6-4-70 (Cambodia) Boonies (log day) Designated Log bird Octave 083. Schmidt and Nored witness F-4  fighter crashing off Mo.

(Nored/DOL)  Between 1230 and 1730 Delta company received its log.  I jumped on one of the log birds return trip. I was having trouble hearing and went to LZ Mo. I left Dick Fowler in charge of the squad. At Mo the medics determined I had too much wax in my ears and they cleaned them. Jim Schmidt of my squad was there due to a skin rash. That night as Jim and I pulled guard on the parameter of Mo we saw what looked like a rocket with flames coming from the back. It flew over us and then fell into a hill side about a mile away. (DOL says it was 2 kilometers off Mo) The flames from the rear never stopped and as it hit there was large explosion followed by a ball of flame rising from it and then a few seconds later we heard the "boom" from its impact. We thought it might have been a large enemy rocket that missed Mo but later found out it was a F-4 fighter. The next day,June 5th,the 1/9th Cav sent out their "Blues Team" to search crash site. They found body parts only and then were lifted out.

6-5-70 (Cambodia) Company in boonies (I am on Mo)

(* Bob Angle of Ketches squad is air lifted out of the field because of a death in the family) * Concerning an emergency situation with your family back home the Red Cross was notified and they in turn requested the Army to send you home as soon as possible. Jay Selby would go home the same way in September.

6-6-70 (Cambodia) Company in boonies (I'm on Mo)

(Nored) My letter home of June 6th 1970 also included this other general information. Chris Luecke who had been our platoon Sgt. (3rd.) went to the company rear and becomes supply sgt. This means that he will not be returning to the field. Earl Falkinburg is in Australia on R&R. Jim Schmidt is on L.Z. Mo with me because he has some sort of rash. Spotted Horse has 32 days left in country. I mentioned Mike Mahr would probably go home early because his brother was being sent here and it was Army policy not to have 2 brothers in a combat zone. (All of Vietnam was a combat zone.) We have a new platoon leader (Lt. Holden) who has about 80 days left in country and is in Australia on R&R. We have a new platoon sgt. whose name is either Kaheki or Kahele as of the writing I'm still not sure. He had the nick-name of "Pineapple". Marcell Gorre who also had the same nick-name left the company several months ago. He got a rear job working in the intelligence area.

 

(Nored) During this period a new officer  is assigned to 3rd. platoon. Lt. Holden  a few months earlier had served  with Delta 2/12 (2nd Batallion 12th Cavalry) . In a letter written to me in 1987 he had mentioned (not quoting here) that after an exciting and highly intellectual  verbal exchange of ideas and opinions with the Battalion C.O. he was given a chance to return to a line company out in the bush.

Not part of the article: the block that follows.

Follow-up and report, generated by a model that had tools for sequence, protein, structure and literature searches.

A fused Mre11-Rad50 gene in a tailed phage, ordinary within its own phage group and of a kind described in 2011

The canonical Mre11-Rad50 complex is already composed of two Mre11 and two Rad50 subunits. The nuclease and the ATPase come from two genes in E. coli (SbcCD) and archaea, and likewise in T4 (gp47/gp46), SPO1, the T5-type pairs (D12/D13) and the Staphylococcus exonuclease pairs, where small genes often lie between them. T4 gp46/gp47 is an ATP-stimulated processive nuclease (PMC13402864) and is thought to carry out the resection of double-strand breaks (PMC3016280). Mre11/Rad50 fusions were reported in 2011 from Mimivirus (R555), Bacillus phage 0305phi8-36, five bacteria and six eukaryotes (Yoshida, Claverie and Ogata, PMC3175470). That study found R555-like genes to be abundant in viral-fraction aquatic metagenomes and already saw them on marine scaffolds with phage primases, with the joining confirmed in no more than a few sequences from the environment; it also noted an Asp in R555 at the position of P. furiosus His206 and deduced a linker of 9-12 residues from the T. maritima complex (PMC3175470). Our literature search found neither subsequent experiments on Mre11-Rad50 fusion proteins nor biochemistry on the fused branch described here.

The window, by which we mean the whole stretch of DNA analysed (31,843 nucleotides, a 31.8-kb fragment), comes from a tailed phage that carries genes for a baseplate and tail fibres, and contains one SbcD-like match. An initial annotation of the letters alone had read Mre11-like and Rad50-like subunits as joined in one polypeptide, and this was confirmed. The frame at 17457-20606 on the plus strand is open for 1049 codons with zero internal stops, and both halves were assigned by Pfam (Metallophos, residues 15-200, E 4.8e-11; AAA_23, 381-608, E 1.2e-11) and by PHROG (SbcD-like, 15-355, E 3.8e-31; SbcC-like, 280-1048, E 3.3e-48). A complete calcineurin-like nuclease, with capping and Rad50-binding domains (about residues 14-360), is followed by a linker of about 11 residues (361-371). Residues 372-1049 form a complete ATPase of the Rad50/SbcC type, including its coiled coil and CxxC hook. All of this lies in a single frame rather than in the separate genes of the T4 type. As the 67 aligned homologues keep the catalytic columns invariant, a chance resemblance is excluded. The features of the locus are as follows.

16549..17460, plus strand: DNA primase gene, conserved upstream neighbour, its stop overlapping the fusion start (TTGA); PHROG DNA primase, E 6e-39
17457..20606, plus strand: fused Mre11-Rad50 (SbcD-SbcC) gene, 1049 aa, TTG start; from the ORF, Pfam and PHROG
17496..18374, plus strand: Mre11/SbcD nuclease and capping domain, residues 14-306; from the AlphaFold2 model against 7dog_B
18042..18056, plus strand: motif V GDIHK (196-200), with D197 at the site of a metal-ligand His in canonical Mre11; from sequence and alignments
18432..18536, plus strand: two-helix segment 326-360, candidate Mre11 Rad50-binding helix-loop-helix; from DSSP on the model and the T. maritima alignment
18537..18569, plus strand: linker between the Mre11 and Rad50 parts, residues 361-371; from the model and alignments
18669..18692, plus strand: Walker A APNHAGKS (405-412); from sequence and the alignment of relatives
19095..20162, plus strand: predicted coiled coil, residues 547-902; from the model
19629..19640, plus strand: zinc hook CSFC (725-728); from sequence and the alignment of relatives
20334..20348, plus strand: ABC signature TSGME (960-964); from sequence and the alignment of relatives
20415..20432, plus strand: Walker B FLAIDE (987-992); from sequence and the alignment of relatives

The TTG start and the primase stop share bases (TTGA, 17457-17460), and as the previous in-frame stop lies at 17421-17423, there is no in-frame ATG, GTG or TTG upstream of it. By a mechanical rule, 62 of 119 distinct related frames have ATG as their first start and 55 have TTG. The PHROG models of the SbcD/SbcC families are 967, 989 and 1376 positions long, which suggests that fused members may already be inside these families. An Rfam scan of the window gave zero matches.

(P/S to Holden from all of us. Welcome Home. Hope all is well.).

(click on image to enlarge)

(Photo courtesy of John Farrior)

(Nored) A C-130 lands at L.Z. Snuffy also named Bu Gia Map on the Map. Photos were taken June.

(Click on image for a larger view.)

(Click on image for a larger view.)

6-7-70 Boonies / L.Z.Snuffy

(DOL) Between 0900 and 1030 Bravo company is airlifted from Bu Gia Map airstrip (Snuffy) to Deltas secure LZ out in the bush. The map coordinates are the same for  Delta's location  and where Bravo is to be inserted. Though the DOL doesn't say so I assume the 2 companies are doing a "DX" or "Daisy Chain". The 2 companies are exchanging places.

(from J.W. diary) Our platoon then went out on a "mini cav". We C.A. (combat assault) 2K (2000 meters) from L.Z. and humped back in. It took us about 2 hours. We then all went swimming at the hole where they get the water for the L.Z. Set up guard outside the ammo point.

Terry Lawrence, Scott "part time" Lemanski, Larry "Pizon" Antici , John Sanchez, Eugene Laurie, Craig "curley" Sherwood. Photo taken at the water hole at Snuffy.

(Click on image for a larger view.)

Photo courtesy of Craig Sherwood

6-8-70 L.Z. Snuffy. ( L.Z. Snuffy at the Bu Gia Map air strip. On several civilian maps such as the one found in the National Geographic Magazine look for Phuoc Hoa (Djamap)

(from J.W. diary) When we woke up this morning we had 15 chui hoi (enemy surrenders) at 2nd platoons position consisting of men and women. Pulled palace guard all day, then had a barbeque. Put in for R&R but I was bumped again. Will try for August.

(Nored) As mentioned above in Jim Wastradowski's (JW) info from his diary a group of Montagnards had sort of surrendered. They weren't V.C. or N.V.A. but indigenous people who lived in the Central Highlands of Vietnam and simply got caught in the middle of this war. Many of these tribal people assisted the U.S. Forces and I have never heard a bad thing about them. Note their appearance.